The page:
Jun 18 2018
Passage Would Signal Strong Support for Fleet Buildup, Readiness
The defense authorization act is one of the most consequential bills that Congress considers each year. The bill sets forth a comprehensive plan to meet our military’s needs and to keep our nation safe. Working on this legislation is one of my responsibilities as a member of the Senate Armed Services Committee. As chairman of the Seapower Subcommittee, I am particularly engaged with the protection and the promotion of our nation’s maritime interests.
This year’s bill would reverse some of the damage caused by the defense budget cuts of the Obama Administration. The bill would increase defense funding to $716 billion, in keeping with the budget agreement signed by President Trump earlier this year. It also follows the advice of the National Defense Strategy authored by Defense Secretary James Mattis. That strategy seeks to preserve America’s military superiority amid the growing influence of China and Russia.
Congress is working to move the defense bill forward. Passage of the bill would add to the bipartisan tradition that has pushed the bill across the finish line for nearly six decades. Congress is sending the President a thoughtful and coordinated plan to reinvigorate our military and maintain its status as the most capable fighting force in the world. Part of the plan would also include a significant pay raise for our service members – the largest in nine years.
I championed several provisions in this year’s bill to advance our defense strategy and support the role that Mississippi plays in our national defense. These provisions would help achieve:
- Maritime strength. The bill would accelerate the buildup of our naval fleet with the authorization of $23 billion for shipbuilding, including the construction of 11 new ships. The pursuit of a 355-ship fleet became our national policy with the passage of my “SHIPS Act” last year. In supporting advanced procurement funding, the bill would help remove uncertainty from the defense industrial base and ultimately save taxpayer dollars.
- Naval readiness. The bill would take steps to prevent accidents like those involving the USS John S. McCain and USS Fitzgerald in the Pacific last year, which took the lives of 17 American sailors. The bill would adopt provisions from the “Surface Warfare Enhancement Act,” which I authored with Sen. John McCain and which calls for the implementation of better maintenance, training, and management, just as the Navy recommended after its investigations of the collisions.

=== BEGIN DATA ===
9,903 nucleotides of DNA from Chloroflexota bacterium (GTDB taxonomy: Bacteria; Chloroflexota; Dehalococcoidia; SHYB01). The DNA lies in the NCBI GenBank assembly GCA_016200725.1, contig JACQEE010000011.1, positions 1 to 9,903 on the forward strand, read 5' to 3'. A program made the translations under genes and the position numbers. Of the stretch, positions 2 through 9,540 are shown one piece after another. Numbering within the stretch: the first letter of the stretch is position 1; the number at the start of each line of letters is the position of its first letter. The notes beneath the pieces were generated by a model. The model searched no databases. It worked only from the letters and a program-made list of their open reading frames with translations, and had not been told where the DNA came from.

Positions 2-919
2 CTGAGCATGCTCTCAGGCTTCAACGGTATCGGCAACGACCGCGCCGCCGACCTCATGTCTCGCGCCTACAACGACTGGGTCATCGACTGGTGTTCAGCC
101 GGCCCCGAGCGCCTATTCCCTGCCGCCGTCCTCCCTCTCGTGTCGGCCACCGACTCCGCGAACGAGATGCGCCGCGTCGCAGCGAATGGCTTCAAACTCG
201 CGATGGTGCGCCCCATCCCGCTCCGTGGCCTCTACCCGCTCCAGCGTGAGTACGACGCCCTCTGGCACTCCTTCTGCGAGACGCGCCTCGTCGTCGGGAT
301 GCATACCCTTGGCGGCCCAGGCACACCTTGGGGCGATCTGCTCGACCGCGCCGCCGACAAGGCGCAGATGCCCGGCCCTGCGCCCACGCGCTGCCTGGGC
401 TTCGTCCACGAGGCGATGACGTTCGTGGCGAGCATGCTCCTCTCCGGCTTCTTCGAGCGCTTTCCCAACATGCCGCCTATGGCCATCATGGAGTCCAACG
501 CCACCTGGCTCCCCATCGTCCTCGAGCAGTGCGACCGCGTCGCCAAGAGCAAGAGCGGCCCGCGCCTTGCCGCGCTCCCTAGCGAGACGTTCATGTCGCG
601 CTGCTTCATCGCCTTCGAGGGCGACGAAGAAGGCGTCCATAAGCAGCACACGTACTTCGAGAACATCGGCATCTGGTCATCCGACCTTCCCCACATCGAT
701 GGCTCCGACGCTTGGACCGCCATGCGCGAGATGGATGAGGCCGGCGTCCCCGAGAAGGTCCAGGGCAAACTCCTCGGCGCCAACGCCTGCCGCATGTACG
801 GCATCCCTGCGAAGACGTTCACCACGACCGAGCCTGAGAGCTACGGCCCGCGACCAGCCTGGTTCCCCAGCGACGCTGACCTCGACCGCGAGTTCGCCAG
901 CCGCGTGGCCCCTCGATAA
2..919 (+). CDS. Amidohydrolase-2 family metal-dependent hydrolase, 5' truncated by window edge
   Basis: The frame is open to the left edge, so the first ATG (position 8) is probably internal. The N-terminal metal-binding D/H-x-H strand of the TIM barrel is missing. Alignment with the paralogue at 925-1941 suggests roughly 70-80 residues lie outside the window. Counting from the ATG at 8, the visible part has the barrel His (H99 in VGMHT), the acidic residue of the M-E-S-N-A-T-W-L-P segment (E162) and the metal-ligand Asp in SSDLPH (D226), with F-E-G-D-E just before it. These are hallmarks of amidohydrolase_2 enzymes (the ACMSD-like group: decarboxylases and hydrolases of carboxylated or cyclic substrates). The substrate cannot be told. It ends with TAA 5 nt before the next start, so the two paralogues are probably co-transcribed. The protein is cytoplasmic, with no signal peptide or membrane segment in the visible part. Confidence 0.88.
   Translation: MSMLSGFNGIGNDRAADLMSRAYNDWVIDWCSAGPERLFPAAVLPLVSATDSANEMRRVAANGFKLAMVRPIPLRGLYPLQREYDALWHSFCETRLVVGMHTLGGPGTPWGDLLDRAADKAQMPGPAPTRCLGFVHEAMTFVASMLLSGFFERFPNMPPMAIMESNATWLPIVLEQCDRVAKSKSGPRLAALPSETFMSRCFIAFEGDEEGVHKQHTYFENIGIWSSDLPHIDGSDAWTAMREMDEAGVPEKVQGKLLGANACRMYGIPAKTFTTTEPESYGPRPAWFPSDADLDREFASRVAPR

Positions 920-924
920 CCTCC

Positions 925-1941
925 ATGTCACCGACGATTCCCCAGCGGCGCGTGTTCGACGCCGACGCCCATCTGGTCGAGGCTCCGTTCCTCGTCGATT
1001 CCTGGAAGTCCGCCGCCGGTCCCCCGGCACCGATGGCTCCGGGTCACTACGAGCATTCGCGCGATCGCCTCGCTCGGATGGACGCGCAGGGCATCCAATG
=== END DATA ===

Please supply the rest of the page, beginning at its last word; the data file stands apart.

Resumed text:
- Guard and Reserve parity. Our nation continues to ask more of our National Guard and Reserve, yet these service members do not have all of the same benefits as those in our military’s active-duty components. The defense bill would correct two of the remaining gaps, by offering bonuses for Guardsmen and Reservists who deploy frequently and protecting federal civilian workers from pay reductions because of their deployment.
- More Junior ROTC programs. As a former ROTC cadet, I can attest to the benefits these programs offer young people during a formative time in their lives. Participation in Junior ROTC at high schools has been linked with higher graduation rates and a lifelong dedication to service and leadership. The defense bill includes my provision to add 100 Junior ROTC programs, giving more high school students in rural and underserved areas the chance to participate.
Mississippi is a valued contributor to our military, home to strong defense manufacturers and many men and women who volunteer to serve. The new defense bill would strengthen those contributions, recognizing that the strategic steps we take now are essential to keeping our nation safe and our troops prepared for the many challenges and threats we will face in the future.